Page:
Reporter's Notes: Mercury in the Bay – Part 2
Topics: Environment, Health, Radio, Sustainable Health, Water
Last week on QUEST, we took a look at the history of the San Francisco Bay's most dangerous toxin: mercury. This week, now that the mercury is here in the bay, how is it affecting us? The obvious place to go was the Berkeley Marina, one of the bay's most popular fishing spots. On the day I visited, halibut season had just begun and, even on a Monday morning, the pier was lined with anglers. Halibut contains high levels of mercury, just like other big SF Bay fish but – as you hear in the piece – you wouldn't know it from talking to the fishermen out that day.
Of course mercury is a problem in many big fish we eat, not just the ones in the San Francisco Bay. Dr. Jane Hightower is one of the leading local doctors diagnosing various levels of mercury poisoning in her patients – many of whom, as she says, do their fishing at places like Whole Foods. We only had time to use a short piece of that interview in the actual story, but anyone who eats fish will want to hear more from Dr. Hightower. A longer version of that interview – including Dr. Hightower’s surprising views on kid staples like canned tuna fish – is right here.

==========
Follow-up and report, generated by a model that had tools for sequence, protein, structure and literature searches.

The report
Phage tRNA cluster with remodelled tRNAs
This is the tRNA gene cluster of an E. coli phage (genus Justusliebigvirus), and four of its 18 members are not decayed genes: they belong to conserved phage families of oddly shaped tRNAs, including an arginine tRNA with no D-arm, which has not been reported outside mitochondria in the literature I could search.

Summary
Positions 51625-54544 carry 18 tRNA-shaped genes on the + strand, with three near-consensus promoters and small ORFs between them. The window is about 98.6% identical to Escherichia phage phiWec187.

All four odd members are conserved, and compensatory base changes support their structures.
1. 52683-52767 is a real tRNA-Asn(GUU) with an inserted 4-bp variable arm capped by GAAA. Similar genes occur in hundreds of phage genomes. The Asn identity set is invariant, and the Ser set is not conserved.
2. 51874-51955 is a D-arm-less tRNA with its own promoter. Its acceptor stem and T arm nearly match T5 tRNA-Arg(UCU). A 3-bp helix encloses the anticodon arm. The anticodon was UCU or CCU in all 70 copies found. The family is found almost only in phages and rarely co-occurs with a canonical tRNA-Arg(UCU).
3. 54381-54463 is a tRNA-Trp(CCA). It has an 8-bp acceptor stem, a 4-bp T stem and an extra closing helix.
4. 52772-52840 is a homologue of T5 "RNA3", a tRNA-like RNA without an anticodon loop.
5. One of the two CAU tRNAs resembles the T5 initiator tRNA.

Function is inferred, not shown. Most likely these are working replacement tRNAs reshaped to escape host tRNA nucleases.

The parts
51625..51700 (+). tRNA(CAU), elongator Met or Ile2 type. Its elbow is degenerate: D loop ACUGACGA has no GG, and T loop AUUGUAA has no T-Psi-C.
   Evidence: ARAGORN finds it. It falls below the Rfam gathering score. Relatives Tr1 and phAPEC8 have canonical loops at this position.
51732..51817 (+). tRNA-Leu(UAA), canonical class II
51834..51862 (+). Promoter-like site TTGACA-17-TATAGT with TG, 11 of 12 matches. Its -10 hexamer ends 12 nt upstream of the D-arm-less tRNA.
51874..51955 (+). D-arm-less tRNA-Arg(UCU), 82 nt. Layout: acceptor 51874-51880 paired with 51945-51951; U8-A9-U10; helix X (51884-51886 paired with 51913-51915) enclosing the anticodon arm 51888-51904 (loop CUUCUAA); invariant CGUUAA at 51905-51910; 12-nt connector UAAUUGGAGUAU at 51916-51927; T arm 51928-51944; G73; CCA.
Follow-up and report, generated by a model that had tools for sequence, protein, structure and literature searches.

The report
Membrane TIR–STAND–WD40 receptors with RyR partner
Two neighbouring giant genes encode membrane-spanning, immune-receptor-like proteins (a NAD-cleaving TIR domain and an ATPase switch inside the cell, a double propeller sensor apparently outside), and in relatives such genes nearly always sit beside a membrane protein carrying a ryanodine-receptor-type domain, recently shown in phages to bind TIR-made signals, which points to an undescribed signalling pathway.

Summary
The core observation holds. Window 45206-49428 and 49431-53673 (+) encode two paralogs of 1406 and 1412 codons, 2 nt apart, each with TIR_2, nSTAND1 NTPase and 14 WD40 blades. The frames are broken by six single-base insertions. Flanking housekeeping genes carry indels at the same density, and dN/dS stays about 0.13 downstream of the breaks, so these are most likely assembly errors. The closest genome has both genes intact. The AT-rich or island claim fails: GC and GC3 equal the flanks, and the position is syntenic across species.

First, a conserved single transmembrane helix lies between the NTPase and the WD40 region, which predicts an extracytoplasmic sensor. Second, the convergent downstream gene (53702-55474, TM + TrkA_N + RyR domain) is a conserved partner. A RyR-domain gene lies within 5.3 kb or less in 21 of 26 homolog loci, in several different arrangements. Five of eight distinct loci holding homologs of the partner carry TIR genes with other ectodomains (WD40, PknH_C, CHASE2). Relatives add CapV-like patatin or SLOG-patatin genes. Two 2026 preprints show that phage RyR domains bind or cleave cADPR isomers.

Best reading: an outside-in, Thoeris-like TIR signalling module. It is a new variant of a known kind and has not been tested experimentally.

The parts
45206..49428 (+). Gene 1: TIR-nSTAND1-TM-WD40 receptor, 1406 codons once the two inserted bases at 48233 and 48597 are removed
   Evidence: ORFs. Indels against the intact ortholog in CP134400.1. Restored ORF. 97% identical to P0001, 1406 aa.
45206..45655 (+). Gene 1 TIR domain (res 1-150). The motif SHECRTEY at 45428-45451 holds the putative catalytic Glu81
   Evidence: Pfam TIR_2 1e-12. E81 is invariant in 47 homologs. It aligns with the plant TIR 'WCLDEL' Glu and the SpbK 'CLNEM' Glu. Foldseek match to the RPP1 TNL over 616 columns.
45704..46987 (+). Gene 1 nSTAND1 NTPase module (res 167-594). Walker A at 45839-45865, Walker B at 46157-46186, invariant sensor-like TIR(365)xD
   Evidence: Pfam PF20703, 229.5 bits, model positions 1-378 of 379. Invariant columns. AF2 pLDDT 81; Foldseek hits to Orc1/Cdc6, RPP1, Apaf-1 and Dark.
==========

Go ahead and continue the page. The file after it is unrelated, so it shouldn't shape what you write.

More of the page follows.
You may listen to the "Mercury in the Bay – Part 2" Radio report online, as well as find additional links and resources.
Amy Standen is a Reporter for QUEST and Radio News at KQED-FM.